County Supervisors recently gave the go-ahead on a project to replace the emergency radio communications system, part of a total reconfiguring of the countywide 9-1-1, dispatch system.
The County’s so-called, “Public Safety Radio Communications System” provides first responder emergency radio dispatch and transmission services to the County Sheriff, SLO County Fire/Cal Fire, emergency medical dispatch (ambulances), County Office of Emergency Services, the police and fire departments of Morro Bay, Pismo Beach, and other cities and agencies.
It is now 21-years old and while it’s performed “flawlessly” according to a staff report, it’s obsolete, no longer meets industry standards, and parts and services are getting harder to find.
The County wants to replace the microwave system with a new Internet protocol system. “This upgrade,” reads the report, “will position the county to continue maintaining its PSRCS, and to upgrade it as necessary over time.”
The new industry standard also eases future expansion and upgrades. And it’ll be under warrantee, too.
Costs for 2-way radio hardware and software, as well as a maintenance contract totals some $6.1 million and will take up to 40 months to buy, configure, test and install, starting this month.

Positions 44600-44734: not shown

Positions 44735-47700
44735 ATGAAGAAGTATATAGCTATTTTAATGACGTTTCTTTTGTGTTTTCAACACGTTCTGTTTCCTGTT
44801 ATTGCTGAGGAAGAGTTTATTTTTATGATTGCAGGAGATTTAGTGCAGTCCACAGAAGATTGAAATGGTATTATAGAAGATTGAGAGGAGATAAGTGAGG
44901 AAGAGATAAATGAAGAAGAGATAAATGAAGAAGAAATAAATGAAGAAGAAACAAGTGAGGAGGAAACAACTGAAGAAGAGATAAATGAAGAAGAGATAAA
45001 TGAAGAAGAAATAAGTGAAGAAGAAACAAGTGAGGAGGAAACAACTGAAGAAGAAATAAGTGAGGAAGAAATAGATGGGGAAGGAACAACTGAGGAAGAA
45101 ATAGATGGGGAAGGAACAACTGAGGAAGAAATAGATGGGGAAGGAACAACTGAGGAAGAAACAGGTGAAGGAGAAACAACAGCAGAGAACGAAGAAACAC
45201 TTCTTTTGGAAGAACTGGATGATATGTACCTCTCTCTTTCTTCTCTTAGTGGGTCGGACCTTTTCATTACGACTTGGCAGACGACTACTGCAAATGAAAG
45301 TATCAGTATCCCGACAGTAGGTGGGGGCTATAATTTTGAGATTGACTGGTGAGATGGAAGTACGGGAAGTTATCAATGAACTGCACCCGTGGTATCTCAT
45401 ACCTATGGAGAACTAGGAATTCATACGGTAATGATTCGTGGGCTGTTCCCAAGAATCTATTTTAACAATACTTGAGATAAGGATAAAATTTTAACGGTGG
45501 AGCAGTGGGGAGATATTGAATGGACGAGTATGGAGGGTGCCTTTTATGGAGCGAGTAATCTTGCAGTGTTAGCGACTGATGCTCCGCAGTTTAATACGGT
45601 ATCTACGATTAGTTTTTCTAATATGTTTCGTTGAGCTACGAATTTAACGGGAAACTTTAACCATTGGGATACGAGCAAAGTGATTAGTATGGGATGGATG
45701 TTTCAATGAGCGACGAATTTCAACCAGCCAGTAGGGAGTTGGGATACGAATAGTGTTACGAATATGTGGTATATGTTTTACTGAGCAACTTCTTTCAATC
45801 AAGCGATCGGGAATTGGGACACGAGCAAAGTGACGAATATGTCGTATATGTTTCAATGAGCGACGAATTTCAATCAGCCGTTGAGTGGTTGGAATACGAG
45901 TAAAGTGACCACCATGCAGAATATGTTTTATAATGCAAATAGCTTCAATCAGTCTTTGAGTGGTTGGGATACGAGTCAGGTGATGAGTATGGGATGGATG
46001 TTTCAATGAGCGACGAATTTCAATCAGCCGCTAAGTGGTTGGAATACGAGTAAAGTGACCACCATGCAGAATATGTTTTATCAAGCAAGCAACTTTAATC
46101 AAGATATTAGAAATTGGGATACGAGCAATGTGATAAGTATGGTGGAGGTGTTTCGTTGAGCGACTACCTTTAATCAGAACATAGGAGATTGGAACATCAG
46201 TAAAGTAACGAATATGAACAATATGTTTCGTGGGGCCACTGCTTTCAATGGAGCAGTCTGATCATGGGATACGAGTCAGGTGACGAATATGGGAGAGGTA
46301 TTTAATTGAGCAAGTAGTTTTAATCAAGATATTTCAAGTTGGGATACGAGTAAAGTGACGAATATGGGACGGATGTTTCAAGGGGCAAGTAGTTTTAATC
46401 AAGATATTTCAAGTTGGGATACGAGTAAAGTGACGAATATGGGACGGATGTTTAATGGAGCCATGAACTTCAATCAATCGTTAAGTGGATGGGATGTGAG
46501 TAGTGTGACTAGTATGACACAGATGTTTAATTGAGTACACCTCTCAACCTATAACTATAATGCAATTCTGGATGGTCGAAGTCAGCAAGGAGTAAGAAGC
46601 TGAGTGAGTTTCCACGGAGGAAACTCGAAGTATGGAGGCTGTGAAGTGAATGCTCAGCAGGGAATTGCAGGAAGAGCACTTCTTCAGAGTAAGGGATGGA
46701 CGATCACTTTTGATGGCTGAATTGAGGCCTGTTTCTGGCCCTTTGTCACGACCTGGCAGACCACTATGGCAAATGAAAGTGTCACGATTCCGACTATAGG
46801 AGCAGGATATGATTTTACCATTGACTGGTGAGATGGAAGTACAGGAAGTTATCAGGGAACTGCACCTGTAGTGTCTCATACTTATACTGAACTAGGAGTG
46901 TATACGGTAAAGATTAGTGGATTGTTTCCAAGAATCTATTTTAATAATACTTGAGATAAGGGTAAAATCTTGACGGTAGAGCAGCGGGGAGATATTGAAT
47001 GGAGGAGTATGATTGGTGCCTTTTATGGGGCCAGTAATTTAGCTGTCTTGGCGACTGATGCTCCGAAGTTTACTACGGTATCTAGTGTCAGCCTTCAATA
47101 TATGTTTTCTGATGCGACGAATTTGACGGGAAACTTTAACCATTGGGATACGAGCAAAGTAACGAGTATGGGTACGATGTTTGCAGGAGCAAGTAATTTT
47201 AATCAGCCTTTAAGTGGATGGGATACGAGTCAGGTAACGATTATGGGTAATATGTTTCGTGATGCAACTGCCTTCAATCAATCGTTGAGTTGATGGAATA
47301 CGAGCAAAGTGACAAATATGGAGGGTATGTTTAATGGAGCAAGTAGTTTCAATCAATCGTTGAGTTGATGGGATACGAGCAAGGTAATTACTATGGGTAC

The Radio Modernization Project is linked in time with the schedule of the County’s building a new, co-located dispatch center on Kansas Avenue near the County Jail complex.
The new dispatch center will bring law enforcement and fire department dispatchers under one roof. Currently, law enforcement dispatches out of the emergency services building on Kansas Avenue (a.k.a. the “Darth Vader” building) and County Fire is at the Cal Fire Headquarters off Hwy 1 near Highland Drive in San Luis Obispo.
The new $24 million dispatch center is scheduled to be finished in October 2023. They are projecting the Radio Modernization Project to be done in June 2023, 4-months earlier. The new system will be installed in the new building.
The County is using $4.2 million from the “Automation Replacement Designation” fund; and $1.8M from the “Public Safety Radio Communication Designation” in the “Countywide Automation Replacement Fund.”
The new equipment will come with 3-years of tech support and the County also wants to hire one, limited term network engineer III added to the Information Technology Department. The position would be a 60-month (5 years) contract.